In making his findings, the Arbitrator rejected the Agency's argument that because the Port Director, a supervisory employee, normally performs and has first claim to the disputed overtime work, it could properly be assigned to Tampa supervisory employees in the Port Director's absence. The Arbitrator stated that the Agency had overlooked the hybrid nature of the Port Director's position, noting that the Port Director performs inspectional work as well as supervisory tasks because he is the only full-time employee assigned to St. Petersburg. With respect to the Agency's argument that assigning a supervisory employee on an overtime basis satisfies the Agency's need to have a supervisor present at St. Petersburg when inspections are performed, the Arbitrator found no requirement that a supervisor be present when "one-man inspection is performed on an overtime basis at a small operation like the Port of St. Petersburg." Id. at 18 (footnote omitted).
In sum, the Arbitrator found that, prior to 1990, bargaining unit employees from Tampa were assigned to perform inspectional duties when the Port Director was unavailable. The Arbitrator concluded that when the Agency commenced assigning the overtime to Tampa supervisors without first offering it to Tampa bargaining unit employees, the Agency violated INS-II, the regional supplemental agreement and the national agreement.2/
To remedy the violation, the Arbitrator ordered that, to the extent the disputed overtime work involved only inspectional services and not "bona fide supervisory tasks" Tampa bargaining unit inspectors be given the first opportunity to work the overtime. Id. at 19. The Arbitrator also ordered backpay for Tampa bargaining unit employees "for each occasion during 1990, 1991 and 1992 fiscal years" in which they would have been offered the opportunity to perform overtime work but for the Agency's improper action in denying the employees overtime work. Id. The Arbitrator added that if any of the overtime assignments involved the performance of "true supervisory tasks (alone, or in combination with the performance of inspectional tasks)," there was no violation of the agreements and no basis for an award of backpay. Id. The Arbitrator retained jurisdiction of the case to resolve any disputes arising from his remedial order and to entertain a Union petition for attorney fees.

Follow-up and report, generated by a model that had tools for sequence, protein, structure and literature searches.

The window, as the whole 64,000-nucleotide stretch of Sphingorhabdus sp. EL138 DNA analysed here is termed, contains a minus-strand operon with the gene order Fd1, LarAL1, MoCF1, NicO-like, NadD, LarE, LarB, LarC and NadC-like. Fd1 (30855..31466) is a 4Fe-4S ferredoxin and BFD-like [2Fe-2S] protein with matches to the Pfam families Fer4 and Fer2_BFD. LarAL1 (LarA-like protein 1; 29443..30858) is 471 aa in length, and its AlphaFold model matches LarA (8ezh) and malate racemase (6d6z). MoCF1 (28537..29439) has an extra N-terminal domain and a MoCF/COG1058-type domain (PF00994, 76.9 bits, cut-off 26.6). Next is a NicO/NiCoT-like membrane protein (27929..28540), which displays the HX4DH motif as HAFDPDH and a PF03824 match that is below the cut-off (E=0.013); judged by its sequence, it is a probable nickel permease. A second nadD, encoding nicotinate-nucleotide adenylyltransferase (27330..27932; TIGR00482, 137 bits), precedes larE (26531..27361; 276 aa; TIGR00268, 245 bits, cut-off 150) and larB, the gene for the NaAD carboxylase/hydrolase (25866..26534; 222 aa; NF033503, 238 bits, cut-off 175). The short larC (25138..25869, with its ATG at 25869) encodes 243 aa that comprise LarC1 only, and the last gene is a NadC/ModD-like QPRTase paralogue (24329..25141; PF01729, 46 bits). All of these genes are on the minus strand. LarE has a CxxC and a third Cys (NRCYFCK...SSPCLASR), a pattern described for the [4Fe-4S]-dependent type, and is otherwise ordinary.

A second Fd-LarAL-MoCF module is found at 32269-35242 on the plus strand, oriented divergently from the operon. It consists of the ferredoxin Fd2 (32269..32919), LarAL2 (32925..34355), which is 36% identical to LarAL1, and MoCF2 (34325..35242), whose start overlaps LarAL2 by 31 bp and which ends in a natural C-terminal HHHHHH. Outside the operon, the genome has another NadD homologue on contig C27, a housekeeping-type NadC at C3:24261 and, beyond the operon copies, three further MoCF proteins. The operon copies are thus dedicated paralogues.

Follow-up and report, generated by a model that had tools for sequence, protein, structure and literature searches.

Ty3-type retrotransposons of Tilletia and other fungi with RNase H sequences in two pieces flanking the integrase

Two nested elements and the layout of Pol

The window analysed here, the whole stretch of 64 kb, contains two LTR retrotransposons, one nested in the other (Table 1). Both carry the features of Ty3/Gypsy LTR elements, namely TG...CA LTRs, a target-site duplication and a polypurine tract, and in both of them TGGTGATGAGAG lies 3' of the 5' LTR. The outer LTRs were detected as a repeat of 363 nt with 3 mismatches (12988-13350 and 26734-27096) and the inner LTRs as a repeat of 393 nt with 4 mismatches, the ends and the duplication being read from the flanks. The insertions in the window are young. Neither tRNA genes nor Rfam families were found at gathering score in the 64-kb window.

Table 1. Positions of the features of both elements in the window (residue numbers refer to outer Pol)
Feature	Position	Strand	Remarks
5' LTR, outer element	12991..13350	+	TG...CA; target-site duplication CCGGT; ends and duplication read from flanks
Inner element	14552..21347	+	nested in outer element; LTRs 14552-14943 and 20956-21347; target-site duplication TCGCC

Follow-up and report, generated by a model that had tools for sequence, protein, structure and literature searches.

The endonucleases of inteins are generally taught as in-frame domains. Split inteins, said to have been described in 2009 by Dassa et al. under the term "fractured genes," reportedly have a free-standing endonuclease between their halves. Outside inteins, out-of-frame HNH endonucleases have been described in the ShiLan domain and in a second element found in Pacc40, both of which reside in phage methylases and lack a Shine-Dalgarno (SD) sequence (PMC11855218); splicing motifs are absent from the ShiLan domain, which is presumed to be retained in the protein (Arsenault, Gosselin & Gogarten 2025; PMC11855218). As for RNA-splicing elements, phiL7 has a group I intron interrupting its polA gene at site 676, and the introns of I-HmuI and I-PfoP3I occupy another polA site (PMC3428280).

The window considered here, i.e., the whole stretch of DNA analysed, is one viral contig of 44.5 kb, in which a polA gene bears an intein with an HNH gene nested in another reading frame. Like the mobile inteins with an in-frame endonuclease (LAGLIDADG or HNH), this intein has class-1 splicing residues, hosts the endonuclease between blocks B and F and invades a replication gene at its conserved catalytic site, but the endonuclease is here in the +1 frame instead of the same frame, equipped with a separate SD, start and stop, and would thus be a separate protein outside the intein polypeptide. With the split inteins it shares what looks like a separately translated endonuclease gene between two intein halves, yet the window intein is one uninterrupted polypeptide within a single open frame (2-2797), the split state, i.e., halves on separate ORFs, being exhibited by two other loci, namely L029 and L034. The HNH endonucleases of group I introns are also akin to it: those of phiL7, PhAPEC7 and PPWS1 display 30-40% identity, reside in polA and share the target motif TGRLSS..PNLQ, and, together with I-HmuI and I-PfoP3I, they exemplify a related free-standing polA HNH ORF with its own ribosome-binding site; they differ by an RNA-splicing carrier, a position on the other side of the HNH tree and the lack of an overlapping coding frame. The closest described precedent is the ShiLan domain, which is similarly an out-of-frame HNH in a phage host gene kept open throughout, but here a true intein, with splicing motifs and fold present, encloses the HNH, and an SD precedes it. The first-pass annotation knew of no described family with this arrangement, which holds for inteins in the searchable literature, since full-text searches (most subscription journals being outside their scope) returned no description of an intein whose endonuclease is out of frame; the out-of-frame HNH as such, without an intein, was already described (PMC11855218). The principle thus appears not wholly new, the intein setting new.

III. Positions of the Parties
A. The Agency's Exceptions
The Agency contends that the award is contrary to management's rights to assign work and to determine the personnel by which agency operations will be conducted under section 7106(a)(2)(B) of the Statute. The Agency also contends that the award is contrary to its right to assign employees under section 7106(a)(2)(A) of the Statute.
The Agency contends that the award encroaches on its discretion to determine the personnel who will perform work at a particular location because it does not permit the Agency to assign all the disputed overtime work to Tampa supervisory inspectors when the St. Petersburg Port Director is unavailable. Instead, the Agency states that when the overtime assignment is inspectional in nature, the award requires it to first offer the work to Tampa bargaining unit inspectors. The Agency claims that the Arbitrator improperly substituted his judgment for that of the Agency and that the award, therefore, interferes with the right to assign work. The Agency also cites various Authority decisions for the proposition that restrictions on the assignment of work to nonbargaining unit employees interfere with management's rights under section 7106(a)(2)(B) of the Statute.